Nice guy Joe Waltermann won’t finish last
By Glenda Winders
“Someone once called me a social introvert,” says Joe Waltermann, the branch manager and a financial adviser at Lake City Bank in Greenwood. “And that’s probably exactly correct.”
He says his wife, Julie, started out as an introvert, too, and jokes that if they hadn’t met each other they would probably both still be single.
“We met on a blind date because I was too shy to ask a girl out,” he says.
But you’d never know it to meet this outgoing man today. In fact, when he took a Myers-Briggs personality test a while back, his score showed that he had become an extrovert.
The change began when he left his retail management job to go into banking and realized he needed to become more social and get to know people.
“You can’t be in banking and be an introvert,” he says.
Determined not to let his shyness get in the way of his career, Waltermann set out to defeat his shortcomings, beginning at the Greenwood Chamber of Commerce, where he still serves as an ambassador.
“It was a good place to start,” he says. “I started networking and meeting people there.”
After changing banks, some new acquaintances got him interested in Leadership Johnson County, and since graduating from that program in 2007 he has served on the board in several capacities. Now he’s on the advisory board, and he remains a vocal proponent of the organization.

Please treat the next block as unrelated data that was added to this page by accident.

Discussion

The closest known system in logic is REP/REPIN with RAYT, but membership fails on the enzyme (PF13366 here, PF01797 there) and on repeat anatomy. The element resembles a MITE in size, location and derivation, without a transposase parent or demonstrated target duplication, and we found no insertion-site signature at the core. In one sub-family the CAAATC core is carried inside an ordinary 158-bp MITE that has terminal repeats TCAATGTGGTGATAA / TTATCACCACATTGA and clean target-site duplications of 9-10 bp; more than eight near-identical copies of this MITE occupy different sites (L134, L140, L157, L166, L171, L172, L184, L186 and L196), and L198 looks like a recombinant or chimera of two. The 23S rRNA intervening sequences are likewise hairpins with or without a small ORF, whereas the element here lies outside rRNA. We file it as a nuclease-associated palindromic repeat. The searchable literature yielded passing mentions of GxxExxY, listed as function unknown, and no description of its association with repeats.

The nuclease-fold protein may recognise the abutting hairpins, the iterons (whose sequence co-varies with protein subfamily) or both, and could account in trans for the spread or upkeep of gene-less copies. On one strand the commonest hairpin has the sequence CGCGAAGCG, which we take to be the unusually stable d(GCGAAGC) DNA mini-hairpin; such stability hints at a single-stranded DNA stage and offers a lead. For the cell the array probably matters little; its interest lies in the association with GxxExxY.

“They teach leadership, and you learn so much about Johnson County,” he says. “You’re taught that giving back and helping in the community is one of greatest things you can do. It helped me realize where this community is going and how we can help with those in need.”
LJC inspired him to join the Johnson County Community Foundation, which raises and gives money to organizations in the community that award scholarships. He is also on the United Way Johnson County allocation committee and the board of Habitat for Humanity Johnson County.
“Joe’s leadership and passion to help in our community show through his willingness to sit on boards that enhance the quality of life in Johnson County,” says LeeAnn Wilbur, Habitat for Humanity Johnson County executive director. “Through his dedication to financial literacy we are seeing amazing results in our partner families’ lives. He has a great sense of humor, a caring heart, and I am truly blessed to have him in my life.”
Waltermann budgets his time because he has two positions at Lake City Bank and does financial advising for all five centers in Indianapolis, which requires quite a bit of travel.
Some of the inspiration to take part in public service came from his father and grandfather, both of whom were mayors of Richmond, where Waltermann lived until he graduated from Indiana University and moved to Greenwood.
“I learned my work ethic from my dad,” he says. “He was a hard worker, and he retired at 75. Whenever I encouraged him to retire and do what he wanted, he said he just wanted to work.”
Although Waltermann loves what he does at his job and in the community, his family is his highest priority. He and Julie, a dental hygienist, have three children — Tony, 24, Drew, 21, and Erin, 17 — and he says they do everything together whenever possible. The kids also take part in their parents’ service activities, and after a visit to Camp Atterbury during an LJC scavenger hunt, Drew did a school project about the prisoners of war who were housed there during World War II.